Getting Out Of Your Head: We all have self-doubt creep in when we feel like another mile or 10 more reps isn’t physically possible. Having someone next to you doing the same exercise can refocus your mind to more positive thoughts. 

 

Research published in the International Journal of Stress Management showed that people who exercised on a stationary bike with a friend for 30 minutes felt calmer afterwards than those who did it alone.

 

MORE FUN: All of this will keep you coming back for more. Several of my clients who had to be dragged to the gym at first are now exercise fiends.

 

If you like your friends and (mostly) like exercising, combining the two just doubles your fun. If exercising is still a chore for you, doing it with a friend will make it less of one. A 2013 study from the University of California echos this.

 

Research from the University of Aberdeen found that people who had a workout partner exercised more than those who went at it alone. The camaraderie that comes with sweating it out together can be invaluable.

 

“Our results showed that the emotional social support from the new sports companion was the most effective,” said lead study author Dr. Pamela Rackow. “It’s more important to encourage each other than doing the actual activity together.”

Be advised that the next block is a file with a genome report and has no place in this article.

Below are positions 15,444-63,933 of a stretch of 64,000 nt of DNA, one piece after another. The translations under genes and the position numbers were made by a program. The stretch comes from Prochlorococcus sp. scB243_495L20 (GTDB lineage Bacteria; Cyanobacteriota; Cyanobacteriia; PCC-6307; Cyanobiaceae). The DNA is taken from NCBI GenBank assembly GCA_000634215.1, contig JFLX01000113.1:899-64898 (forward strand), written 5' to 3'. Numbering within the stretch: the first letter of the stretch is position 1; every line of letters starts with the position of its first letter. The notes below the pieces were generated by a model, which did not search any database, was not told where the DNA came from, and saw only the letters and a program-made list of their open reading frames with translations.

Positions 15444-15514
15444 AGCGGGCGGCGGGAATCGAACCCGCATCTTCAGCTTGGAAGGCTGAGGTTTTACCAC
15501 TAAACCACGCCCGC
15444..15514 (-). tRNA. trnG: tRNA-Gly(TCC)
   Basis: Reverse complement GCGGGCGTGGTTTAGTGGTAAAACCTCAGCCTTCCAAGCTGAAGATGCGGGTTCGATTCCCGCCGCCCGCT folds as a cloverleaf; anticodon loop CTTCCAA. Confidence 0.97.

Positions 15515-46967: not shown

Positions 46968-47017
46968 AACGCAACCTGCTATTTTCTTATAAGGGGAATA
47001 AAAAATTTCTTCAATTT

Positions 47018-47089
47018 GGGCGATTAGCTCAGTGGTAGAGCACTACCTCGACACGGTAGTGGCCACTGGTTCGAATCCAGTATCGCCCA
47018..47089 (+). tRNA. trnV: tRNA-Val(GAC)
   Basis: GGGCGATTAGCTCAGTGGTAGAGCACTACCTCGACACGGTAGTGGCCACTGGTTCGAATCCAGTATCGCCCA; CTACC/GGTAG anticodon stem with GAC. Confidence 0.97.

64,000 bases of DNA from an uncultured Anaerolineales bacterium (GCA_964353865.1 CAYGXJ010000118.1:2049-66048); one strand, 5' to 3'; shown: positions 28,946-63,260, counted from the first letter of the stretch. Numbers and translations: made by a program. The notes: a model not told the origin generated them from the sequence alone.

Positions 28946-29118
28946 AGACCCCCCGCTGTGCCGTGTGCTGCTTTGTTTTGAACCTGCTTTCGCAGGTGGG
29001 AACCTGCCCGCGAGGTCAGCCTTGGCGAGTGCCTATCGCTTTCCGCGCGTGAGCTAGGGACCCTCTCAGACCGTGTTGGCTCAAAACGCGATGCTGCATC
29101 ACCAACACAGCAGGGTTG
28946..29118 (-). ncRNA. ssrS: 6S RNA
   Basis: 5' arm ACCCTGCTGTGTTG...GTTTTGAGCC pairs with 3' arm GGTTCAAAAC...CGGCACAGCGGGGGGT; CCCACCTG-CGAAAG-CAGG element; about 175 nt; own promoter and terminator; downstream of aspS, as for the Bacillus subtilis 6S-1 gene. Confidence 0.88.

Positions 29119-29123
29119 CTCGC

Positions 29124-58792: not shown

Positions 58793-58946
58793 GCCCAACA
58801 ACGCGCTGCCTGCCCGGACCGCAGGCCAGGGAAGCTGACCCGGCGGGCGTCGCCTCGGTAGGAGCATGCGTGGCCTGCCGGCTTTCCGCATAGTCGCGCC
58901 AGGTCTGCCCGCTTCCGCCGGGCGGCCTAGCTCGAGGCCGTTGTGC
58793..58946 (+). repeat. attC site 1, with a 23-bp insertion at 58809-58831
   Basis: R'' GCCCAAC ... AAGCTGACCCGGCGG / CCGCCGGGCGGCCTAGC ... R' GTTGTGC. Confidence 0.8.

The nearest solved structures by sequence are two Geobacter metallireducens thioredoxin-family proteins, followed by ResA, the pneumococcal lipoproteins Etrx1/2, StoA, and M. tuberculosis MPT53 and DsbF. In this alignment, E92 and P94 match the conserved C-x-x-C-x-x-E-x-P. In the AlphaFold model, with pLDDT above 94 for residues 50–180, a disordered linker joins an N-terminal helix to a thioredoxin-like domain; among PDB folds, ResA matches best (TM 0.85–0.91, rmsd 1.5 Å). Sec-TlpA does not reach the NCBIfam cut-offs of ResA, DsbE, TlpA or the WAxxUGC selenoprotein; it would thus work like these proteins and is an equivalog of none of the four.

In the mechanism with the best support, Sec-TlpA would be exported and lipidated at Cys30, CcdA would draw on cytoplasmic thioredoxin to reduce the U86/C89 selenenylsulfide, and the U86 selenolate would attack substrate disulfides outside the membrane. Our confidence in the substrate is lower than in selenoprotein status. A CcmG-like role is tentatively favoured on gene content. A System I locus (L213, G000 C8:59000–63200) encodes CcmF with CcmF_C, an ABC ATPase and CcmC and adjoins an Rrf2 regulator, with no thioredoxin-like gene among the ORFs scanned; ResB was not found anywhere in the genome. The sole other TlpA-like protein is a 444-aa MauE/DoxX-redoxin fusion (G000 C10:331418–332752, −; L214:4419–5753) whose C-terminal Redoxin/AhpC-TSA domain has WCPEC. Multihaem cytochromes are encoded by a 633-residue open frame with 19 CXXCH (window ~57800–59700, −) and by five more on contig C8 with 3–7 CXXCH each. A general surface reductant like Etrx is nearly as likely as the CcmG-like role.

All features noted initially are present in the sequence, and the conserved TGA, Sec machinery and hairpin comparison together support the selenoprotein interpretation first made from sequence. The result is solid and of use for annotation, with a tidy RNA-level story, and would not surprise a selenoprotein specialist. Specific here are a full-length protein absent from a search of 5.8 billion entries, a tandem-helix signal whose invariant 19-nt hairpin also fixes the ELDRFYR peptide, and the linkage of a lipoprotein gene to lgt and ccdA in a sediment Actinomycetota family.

What Personality Are You?

 

Just like in dating, knowing yourself gives you the best chance of connecting with the right person. Although opposites can attract, workout partners are usually most successful if they have similar personality types.

 

I’m not everyone’s favorite person in the gym. I’m intense, don’t socialize and curse like a sailor when lifting heavy weights. But I’ve accepted that about myself and found workout partners who appreciate that. Trust me, there’s someone for everyone!

 

The Planner: Planners are more reserved in their approach to fitness, but reserved doesn’t mean less motivated. They just prefer familiar things and will lean towards activities they’re comfortable with. They’ll also likely spend a lot of time researching workouts and diet plans so they’re ready to go as soon as they arrive.

 

The Go-Getter: This person is all business, less likely to socialize and takes an action-oriented approach. They know what they want and aren’t afraid to go after it with aggressive workouts and training plans. The only downside can be that go-getters are sometimes impulsive. You may need to reel them in if they’re pushing too hard or becoming obsessive.